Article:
Top Scoops

Book Reviews | Gordon Campbell | Scoop News | Wellington Scoop | Community Scoop | Search

 

Rosalea Barker: Oklahoma

Oklahoma

by Rosalea Barker

The word “Oklahoma” conjures up musical theatre, dust bowls, domestic terrorism, and the final corralling place of many of North America’s native tribes displaced during the United States’ relentless westward expansion during the 19th century. From just 16 states at the beginning of that century, the US had swollen to 45 by the end, largely through the acquisition and settlement of vast areas of the continent formerly laid claim to by Great Britain, France and Spain.

This article on the Oklahoma Historical Society’s website, explains how the process of allotting parcels of land to individual members of tribes paved the way to admission as the 46th state in 1907:

“Allotment, the federal policy of dividing communally held Indian tribal lands into individually owned private property, was the culmination of American attempts to destroy tribes and their governments and to open Indian lands to settlement by non-Indians and to development by railroads. It was a necessary prelude to statehood for Oklahoma and Indian territories. Tribes were removed from other parts of the country to Indian Territory (present Oklahoma) from the 1830s through the 1870s. They signed treaties with the U.S. government. These generally guaranteed that they would be undisturbed on lands the government granted them from those it had acquired by treaties with other tribes. Following a congressional initiative for a transcontinental railroad in 1849, pressure began to build for the extension of federal jurisdiction over Indian Territory.”

Initially, there were hopes for two states—Sequoyah, formed from Indian Territory, and one formed from Oklahoma Territory. However, the issue was complicated by plans to admit the territories of Arizona and New Mexico as one state. In the end, Congress decided the latter would only happen if the residents of both those territories voted in separate elections to be one state. The residents of the Oklahoma and Indian Territories got no such opportunity: Congress passed an Enabling Act in June, 1906, that provided for the admission of a single state called Oklahoma once a constitution was written and ratified by the people. The vote on the state constitution took place on September 17, 1907—120 years to the day after the delegates to the Constitutional Convention in Philadelphia had signed the U.S. Constitution.

I spent a few days in Oklahoma City in the summer of 2003 and was not impressed by it; a friend recently drove through the state and when I asked what she thought of it, replied, “You can see why they moved all the Indians there.” But it’s not what’s on the surface of the land that’s important—Oklahoma is home to a huge energy industry that provides about 25 percent of the state’s tax base.

One last thing—for your entertainment rather than your enlightenment. A couple of years back, the Oklahoma state legislature authorized an on-line vote for the ten finalists in a competition to find the official state rock song of Oklahoma. According to Wikipedia,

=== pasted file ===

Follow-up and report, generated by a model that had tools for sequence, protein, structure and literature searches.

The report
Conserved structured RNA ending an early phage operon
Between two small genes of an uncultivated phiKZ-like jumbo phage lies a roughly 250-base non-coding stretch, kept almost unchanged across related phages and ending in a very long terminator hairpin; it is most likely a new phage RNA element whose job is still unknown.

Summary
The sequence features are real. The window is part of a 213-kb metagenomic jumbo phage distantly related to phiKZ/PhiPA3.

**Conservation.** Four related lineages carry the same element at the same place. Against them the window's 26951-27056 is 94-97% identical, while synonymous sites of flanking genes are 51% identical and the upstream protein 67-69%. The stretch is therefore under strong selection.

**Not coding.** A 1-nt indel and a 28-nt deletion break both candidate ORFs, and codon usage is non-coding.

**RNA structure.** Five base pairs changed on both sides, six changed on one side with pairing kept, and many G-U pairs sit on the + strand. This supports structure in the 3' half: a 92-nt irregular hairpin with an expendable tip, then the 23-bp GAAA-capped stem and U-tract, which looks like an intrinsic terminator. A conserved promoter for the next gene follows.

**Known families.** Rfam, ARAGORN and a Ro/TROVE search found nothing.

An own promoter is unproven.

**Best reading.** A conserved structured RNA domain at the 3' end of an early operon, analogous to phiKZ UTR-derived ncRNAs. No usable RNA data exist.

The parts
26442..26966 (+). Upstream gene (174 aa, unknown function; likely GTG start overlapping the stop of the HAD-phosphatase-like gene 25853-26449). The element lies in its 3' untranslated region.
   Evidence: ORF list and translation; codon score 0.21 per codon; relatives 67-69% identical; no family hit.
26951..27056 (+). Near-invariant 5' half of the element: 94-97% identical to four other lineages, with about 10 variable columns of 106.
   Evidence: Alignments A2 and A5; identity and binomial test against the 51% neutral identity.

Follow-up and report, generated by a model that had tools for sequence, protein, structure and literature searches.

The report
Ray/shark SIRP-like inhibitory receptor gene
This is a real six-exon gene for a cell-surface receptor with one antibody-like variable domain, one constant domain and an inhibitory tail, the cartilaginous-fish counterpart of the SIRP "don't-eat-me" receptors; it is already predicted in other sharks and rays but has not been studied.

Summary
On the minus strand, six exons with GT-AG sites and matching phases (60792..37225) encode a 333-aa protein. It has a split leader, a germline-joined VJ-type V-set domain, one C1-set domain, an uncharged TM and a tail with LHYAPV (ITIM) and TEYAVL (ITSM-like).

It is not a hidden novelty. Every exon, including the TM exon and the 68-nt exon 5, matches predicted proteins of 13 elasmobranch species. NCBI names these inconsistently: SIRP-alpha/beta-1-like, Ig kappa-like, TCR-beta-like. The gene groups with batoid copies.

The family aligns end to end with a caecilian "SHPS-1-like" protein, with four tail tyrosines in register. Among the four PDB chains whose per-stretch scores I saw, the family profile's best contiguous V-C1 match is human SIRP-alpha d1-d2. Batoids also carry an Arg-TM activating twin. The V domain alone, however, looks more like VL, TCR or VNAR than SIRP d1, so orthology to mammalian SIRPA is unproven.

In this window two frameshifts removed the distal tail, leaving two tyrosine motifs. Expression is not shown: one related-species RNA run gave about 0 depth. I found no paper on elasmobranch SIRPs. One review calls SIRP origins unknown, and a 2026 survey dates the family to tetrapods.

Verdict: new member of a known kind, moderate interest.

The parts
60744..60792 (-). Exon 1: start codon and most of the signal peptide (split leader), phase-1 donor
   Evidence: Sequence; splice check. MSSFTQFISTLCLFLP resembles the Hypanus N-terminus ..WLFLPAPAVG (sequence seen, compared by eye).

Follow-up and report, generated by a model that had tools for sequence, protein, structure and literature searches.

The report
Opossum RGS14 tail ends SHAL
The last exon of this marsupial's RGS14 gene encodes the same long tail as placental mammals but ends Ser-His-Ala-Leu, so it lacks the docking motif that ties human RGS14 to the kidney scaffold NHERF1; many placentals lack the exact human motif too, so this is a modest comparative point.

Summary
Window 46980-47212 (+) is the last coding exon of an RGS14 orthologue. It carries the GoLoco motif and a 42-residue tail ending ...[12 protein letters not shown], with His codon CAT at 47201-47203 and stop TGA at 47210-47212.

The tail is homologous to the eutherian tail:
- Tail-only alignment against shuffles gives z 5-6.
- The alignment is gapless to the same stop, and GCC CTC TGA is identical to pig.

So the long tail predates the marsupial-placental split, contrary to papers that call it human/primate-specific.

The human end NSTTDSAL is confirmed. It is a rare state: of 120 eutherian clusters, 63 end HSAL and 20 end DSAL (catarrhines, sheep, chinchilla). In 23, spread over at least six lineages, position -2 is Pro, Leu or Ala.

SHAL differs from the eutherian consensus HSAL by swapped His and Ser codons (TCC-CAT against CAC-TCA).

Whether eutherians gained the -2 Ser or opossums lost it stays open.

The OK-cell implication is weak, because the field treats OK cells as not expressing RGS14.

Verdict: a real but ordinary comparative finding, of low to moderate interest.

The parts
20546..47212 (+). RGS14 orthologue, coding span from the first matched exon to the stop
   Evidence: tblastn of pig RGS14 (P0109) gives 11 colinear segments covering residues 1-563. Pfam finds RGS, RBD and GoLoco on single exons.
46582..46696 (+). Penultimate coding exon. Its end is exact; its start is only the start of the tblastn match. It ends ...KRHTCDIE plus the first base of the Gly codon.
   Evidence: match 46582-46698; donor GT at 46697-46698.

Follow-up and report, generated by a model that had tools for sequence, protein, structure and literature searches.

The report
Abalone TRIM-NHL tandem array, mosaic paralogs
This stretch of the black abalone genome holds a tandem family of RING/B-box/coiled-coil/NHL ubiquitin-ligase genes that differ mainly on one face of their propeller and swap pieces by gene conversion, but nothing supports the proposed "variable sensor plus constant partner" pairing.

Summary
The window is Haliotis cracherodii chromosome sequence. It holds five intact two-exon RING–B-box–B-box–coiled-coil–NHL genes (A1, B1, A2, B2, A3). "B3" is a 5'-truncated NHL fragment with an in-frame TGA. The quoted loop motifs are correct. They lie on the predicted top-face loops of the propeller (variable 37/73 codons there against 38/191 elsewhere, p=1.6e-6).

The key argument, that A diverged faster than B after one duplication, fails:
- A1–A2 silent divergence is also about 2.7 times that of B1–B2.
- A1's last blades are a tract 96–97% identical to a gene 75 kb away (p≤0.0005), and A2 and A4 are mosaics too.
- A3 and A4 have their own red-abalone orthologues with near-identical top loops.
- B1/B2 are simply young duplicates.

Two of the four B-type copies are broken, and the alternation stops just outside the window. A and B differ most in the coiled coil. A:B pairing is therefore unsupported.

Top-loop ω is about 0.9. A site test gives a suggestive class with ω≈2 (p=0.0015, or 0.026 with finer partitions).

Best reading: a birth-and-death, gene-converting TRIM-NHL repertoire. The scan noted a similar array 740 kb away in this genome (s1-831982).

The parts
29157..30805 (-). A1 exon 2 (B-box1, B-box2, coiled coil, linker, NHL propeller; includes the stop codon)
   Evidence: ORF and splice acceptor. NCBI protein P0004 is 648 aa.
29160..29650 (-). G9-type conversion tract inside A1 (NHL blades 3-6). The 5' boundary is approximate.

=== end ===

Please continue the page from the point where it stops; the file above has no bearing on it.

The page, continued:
“out of 21,000 votes cast, nearly 51 percent were for Do You Realize?? [by the Flaming Lips]. The Oklahoma Senate approved this choice unanimously. However, on April 23, 2009, a vote in the Oklahoma House of Representatives fell three votes short of the 51 votes necessary to ratify the resolution: one state legislator attacked the band for its use of offensive language, while another said he opposed the song because band member Michael Ivins had worn a red T-shirt with a yellow sickle and hammer when the band came to the state Capitol for the announcement in March. Governor Brad Henry subsequently announced that he would issue an executive order in lieu of the resolution rejected by the Oklahoma House.”

To read about and listen to the ten finalists for official state rock song, go here. It’s an eclectic little playlist. The official state (non-rock) song is, of course, Rodgers and Hammerstein’s Oklahoma!

*************

--PEACE—
rosalea.barker@gmail.com

© Scoop Media

 
 
 
Top Scoops Headlines

 

UN Rights Declaration At 70: We Are All Born Free And Equal

On Article 1 of the UDHR: Dignity is the foundation of all human rights. Human beings have rights, and should be treated with utmost care, precisely because each one possesses intrinsic worth. More>>

ALSO:

Gordon Campbell: On The (Delayed) Judgment Day For Theresa May

When under stress, British PM Theresa May reportedly eats peanut butter straight from the jar. Crunch time is looming... More>>

ALSO:

Gordon Campbell: On Politely Fake Political Obituaries (And The Paris Discord)

One unfortunate side effect of “personality politics” is that when prominent politicians die, the niceties we observe at the death of private individuals get automatically extended to them as well... More>>

ALSO:

Unique And Vanishing: NZ Biodiversity Losses Match Global Crisis

One might think that it is buffered from some of the effects of biological erosion, especially since people only arrived less than 800 years ago. But as we show, the impact on wildlife has been catastrophic. More>>

Your Name Here(ish): Sponsor A Section On Scoop.co.nz!

Scoop.co.nz has just launched Section Sponsorships - the newest way for you to gain exposure for your brand to Scoop’s high value audience of 500,000 monthly readers. More>>

ALSO:

You Did It! The Scoop 3.0 PledgeMe Closes

Update: The Scoop 3.0 Crowdsale and Crowdfunding Campaign met its target with a total of $36,024 pledged. It looks like it has all been worthwhile. We are nearly there and Scoop.co.nz will ride again in 2019, our 20th year of operations. Moreover the past week has brought a number of inquiries from larger organisations, many of which have till now failed to respond to our messages... More>>

ALSO: